I’ve been working steadily behind the scenes as a professional comedy writer for the last 28 years for some very well-known celebrities and comedians including Andrew Denton, Paul McDermott and Wil Anderson, to name a few.
Recently, however, I’ve found myself way outside my comfort zone after being given the opportunity to produce and direct my own stage play, Plaything, for the upcoming Sydney Comedy Festival.
It wasn’t meant to be that way!
I wrote Plaything almost accidentally several years ago. It was an idea that only worked as a stage play. I was at the Belvoir Street theatre one night to see a production of either Waiting for Godot or Rosencrantz and Guildernstern are Dead, I can’t remember which, but it had to be one or the other because they’re the only two plays I ever go to see.
Attempting to visit the gents for a pre-performance pee, I momentarily mistook the stage door for the toilet door. Realising my mistake before I’d gone too far, I wondered what would happen if a couple of toilet-seeking theatre patrons accidentally found themselves on stage in an Absurdist comedy.
From this accident, Plaything was born.
Actually, almost stillborn! Once written, I didn’t know what to do with Plaything. It languished for several years until last November when I heard that the Sydney Comedy Festival organisers were calling for show submissions, and I thought this would be the ideal umbrella for my one-act, one-hour mix of deep philosophical musings, existential dilemma and, let’s face it, toilet humour.
Clearly I didn’t think it through. I suppose I imagined the organisers would love the play and provide me with an experienced producer, a brilliant director and a bunch of extremely talented actors.
Instead, they offered me a theatre, an empty theatre. A 140-seat empty theatre for two nights!
With less than eight weeks until opening night, I suddenly found myself producing and directing my own play in the Sydney Comedy Festival!!! As a result, I’ve begun calling myself “The Accidental Auteur”.
You must understand that as a television comedy writer I work from home by myself, often in my pyjamas. I didn’t even own a mobile phone! Now, with newly-purchased mobile in hand, I’m booking rehearsal rooms, wrangling actors and scavenger-hunting hard-to-find props, while trying desperately not to max out my credit card.
Now, as a producer/director, I look at my own script and wish I’d been a producer/director when I was writing it. Instead of difficult-to-procure “French doors”, I’d have the actors enter via a slit in the curtain, and instead of drinking from a cut-glass sherry decanter, they would be drinking from a recycled Orchy bottle.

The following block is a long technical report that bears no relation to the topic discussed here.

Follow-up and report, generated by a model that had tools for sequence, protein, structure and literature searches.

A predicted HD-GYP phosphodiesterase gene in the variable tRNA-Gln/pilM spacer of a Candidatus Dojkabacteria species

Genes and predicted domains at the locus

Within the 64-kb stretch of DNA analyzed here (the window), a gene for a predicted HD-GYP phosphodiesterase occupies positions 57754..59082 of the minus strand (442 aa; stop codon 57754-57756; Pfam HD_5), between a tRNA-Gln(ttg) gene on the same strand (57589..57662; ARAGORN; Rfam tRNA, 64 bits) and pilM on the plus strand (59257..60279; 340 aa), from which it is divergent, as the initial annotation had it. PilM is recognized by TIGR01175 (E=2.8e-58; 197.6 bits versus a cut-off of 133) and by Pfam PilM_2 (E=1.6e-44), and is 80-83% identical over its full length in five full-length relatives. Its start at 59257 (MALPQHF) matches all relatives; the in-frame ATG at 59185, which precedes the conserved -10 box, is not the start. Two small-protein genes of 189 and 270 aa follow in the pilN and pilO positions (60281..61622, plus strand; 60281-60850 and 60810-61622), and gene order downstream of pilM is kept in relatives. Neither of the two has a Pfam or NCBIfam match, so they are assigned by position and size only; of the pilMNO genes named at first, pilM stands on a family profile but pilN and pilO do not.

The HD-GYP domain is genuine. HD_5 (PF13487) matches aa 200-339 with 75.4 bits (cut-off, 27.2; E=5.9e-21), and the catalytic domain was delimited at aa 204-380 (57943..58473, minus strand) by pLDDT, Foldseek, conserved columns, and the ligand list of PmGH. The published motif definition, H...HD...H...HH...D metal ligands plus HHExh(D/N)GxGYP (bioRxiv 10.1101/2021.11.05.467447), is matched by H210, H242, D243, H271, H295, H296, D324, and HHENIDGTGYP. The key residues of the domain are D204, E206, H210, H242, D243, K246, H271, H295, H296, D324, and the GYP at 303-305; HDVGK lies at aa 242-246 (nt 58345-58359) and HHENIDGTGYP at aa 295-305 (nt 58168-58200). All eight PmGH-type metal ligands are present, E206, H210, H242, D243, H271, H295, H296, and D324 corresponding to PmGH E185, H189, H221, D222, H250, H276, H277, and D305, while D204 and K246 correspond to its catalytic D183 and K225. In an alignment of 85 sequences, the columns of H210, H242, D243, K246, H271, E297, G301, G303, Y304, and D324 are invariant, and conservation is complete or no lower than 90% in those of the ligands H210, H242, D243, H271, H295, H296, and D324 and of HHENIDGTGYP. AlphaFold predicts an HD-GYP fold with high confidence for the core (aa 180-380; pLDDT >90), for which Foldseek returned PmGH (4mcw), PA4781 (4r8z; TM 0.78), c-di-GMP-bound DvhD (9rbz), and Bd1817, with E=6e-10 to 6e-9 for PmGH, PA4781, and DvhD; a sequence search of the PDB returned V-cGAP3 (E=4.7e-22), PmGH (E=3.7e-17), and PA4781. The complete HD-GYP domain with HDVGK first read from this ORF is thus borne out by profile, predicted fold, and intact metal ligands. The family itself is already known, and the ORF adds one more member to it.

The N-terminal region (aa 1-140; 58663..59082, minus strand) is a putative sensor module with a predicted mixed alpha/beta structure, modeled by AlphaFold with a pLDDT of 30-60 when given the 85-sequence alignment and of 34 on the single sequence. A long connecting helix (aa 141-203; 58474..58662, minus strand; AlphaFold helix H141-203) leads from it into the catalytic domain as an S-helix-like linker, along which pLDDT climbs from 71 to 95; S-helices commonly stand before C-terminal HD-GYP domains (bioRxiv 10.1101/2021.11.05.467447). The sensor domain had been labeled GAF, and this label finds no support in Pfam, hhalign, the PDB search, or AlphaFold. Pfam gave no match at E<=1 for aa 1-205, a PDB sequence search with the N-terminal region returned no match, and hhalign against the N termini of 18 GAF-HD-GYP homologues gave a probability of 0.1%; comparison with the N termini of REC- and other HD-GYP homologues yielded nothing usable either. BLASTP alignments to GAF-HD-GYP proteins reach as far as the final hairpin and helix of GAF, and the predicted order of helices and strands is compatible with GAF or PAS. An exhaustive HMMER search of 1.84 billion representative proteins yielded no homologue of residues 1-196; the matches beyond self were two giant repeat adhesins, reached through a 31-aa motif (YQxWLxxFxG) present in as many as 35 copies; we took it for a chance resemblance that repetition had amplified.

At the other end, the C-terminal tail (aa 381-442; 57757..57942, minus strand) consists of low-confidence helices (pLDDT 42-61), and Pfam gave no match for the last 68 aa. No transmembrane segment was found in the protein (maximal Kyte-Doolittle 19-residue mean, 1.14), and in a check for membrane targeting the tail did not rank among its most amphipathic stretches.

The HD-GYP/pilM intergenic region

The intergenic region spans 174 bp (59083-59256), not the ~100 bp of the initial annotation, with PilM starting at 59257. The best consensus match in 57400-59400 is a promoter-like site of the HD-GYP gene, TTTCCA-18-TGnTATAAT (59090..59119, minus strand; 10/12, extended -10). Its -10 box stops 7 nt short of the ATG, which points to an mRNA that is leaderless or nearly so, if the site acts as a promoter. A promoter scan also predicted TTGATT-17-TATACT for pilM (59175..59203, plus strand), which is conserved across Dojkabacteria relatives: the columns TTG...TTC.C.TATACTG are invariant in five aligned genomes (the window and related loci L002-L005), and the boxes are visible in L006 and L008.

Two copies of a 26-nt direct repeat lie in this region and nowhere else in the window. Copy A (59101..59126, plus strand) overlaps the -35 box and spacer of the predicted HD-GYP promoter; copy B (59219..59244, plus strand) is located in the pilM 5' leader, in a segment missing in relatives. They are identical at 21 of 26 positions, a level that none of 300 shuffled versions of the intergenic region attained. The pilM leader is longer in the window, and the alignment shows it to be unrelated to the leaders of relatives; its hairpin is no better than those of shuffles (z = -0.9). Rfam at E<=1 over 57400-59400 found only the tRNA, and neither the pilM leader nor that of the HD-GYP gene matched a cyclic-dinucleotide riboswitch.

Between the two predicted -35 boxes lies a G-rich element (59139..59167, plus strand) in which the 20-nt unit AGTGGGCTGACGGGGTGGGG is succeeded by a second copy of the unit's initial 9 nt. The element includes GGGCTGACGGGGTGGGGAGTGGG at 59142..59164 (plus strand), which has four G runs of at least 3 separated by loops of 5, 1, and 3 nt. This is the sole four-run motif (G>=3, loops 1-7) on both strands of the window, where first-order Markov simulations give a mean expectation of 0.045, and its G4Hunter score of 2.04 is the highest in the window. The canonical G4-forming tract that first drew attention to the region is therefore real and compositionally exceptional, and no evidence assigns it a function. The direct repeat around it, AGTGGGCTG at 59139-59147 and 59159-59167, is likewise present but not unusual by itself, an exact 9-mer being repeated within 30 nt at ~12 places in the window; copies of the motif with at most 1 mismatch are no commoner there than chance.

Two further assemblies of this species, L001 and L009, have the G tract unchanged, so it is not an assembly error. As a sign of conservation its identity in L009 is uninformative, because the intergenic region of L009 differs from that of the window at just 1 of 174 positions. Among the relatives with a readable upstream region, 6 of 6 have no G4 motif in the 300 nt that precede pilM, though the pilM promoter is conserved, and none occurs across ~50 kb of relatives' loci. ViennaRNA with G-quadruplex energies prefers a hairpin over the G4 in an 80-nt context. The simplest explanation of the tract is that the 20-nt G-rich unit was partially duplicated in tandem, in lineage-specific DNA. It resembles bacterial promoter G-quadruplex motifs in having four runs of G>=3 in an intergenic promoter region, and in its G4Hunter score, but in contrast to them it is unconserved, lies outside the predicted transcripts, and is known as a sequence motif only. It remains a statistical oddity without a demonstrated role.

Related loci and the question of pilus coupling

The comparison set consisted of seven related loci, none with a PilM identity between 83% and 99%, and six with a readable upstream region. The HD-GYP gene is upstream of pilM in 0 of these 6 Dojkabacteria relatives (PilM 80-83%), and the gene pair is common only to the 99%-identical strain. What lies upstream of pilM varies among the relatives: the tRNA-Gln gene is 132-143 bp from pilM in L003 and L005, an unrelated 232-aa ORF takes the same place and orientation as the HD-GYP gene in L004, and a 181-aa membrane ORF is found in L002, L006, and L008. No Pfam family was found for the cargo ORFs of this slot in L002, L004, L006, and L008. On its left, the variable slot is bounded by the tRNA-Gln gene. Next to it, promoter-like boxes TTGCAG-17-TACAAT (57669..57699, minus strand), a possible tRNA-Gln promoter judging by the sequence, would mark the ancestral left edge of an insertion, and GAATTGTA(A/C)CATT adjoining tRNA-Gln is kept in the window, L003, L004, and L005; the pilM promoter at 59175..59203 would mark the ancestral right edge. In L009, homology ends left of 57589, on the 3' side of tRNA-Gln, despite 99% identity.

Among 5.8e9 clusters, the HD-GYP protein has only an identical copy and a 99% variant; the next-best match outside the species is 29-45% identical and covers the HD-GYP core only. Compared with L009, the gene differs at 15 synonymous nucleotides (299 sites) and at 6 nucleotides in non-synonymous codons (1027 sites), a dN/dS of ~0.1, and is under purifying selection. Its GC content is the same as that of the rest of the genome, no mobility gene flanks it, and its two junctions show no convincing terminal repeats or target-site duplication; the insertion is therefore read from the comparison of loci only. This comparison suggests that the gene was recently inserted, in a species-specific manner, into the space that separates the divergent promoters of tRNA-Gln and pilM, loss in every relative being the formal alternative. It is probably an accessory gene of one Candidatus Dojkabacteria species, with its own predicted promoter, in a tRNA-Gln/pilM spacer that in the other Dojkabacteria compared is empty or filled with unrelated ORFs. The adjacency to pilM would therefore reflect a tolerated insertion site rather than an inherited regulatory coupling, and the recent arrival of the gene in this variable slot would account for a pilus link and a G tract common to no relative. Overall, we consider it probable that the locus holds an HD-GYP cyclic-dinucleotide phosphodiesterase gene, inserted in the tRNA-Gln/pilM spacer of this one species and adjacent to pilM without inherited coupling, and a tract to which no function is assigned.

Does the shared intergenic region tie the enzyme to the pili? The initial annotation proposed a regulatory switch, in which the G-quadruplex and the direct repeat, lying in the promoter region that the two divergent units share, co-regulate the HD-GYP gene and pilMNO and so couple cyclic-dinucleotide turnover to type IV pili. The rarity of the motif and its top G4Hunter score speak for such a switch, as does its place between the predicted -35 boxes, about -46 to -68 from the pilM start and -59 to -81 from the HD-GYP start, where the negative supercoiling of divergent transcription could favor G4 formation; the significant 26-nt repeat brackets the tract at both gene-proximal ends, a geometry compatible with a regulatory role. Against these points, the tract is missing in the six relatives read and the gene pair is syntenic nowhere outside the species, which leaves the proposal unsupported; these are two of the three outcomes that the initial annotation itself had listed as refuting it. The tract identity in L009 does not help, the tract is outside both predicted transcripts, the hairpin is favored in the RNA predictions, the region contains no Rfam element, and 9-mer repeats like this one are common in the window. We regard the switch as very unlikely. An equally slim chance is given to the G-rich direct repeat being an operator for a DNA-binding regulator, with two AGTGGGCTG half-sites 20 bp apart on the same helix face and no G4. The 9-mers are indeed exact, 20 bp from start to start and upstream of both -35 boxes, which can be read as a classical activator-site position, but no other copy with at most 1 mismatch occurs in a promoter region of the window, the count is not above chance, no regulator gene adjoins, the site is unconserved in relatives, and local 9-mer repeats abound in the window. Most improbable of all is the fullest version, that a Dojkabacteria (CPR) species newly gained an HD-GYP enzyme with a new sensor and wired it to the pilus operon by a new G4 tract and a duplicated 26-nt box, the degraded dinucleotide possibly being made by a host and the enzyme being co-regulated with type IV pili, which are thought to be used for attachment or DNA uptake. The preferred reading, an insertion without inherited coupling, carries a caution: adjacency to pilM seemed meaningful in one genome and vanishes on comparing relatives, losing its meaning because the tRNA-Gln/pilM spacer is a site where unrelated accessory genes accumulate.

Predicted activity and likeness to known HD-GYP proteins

Up until now I didn’t really know what a producer did. Now I do. They worry. They don’t sleep very much. They become instantly adept at begging, borrowing and stealing for the sake of the production. And they adopt complete shamelessness in their relentless pursuit of friends, relatives and complete strangers to provide those elusive “bums on seats”.
For all this, I have to admit that there’s something both thrilling and fulfilling about being given the opportunity to “realise one’s own vision”, if you know what I mean. So many times in the past I have written something of which I was tremendously proud for a TV show, only to see it mangled on the screen, or worse, cut completely. But as a seasoned TV hack, I’m used to seeing my babies killed or disfigured simply for the sake of brevity so the network can squeeze in another commercial.
This time, however, I will personally be delivering this bouncing little brainchild in one piece, alive and kicking, hopefully in front of a packed house.
My certainty around the success of Plaything lies with the practitioners of that most uncertain of occupations – actors. The actors I have met in my short but intense adventure into the world of the theatre have blown my tiny mind with their positive, open, can-do attitude. I’ve been fortunate to have gathered around me a cast of “therious thespians” – Jodine Muir, Heath Ivey-Law, Peter Adams, Richard Cotter and Tricia Youlden. You probably won’t recognise their names, but you should, and if there’s any justice in the world, one day soon you will.
These are people who are willing to come out after eight hours at their day job to spend their evenings rehearsing and re-rehearsing my play largely out of the love of their craft. People happy to work on bringing my play to life on the promise of a profit-share of a production we all know isn’t going to make a profit.
Watching them breathe life into my words, pump blood into my stage directions and make even the lamest of my jokes hysterically funny has made all the horrors and scariness of being a first time producer-director all worthwhile.
Now, on with the show…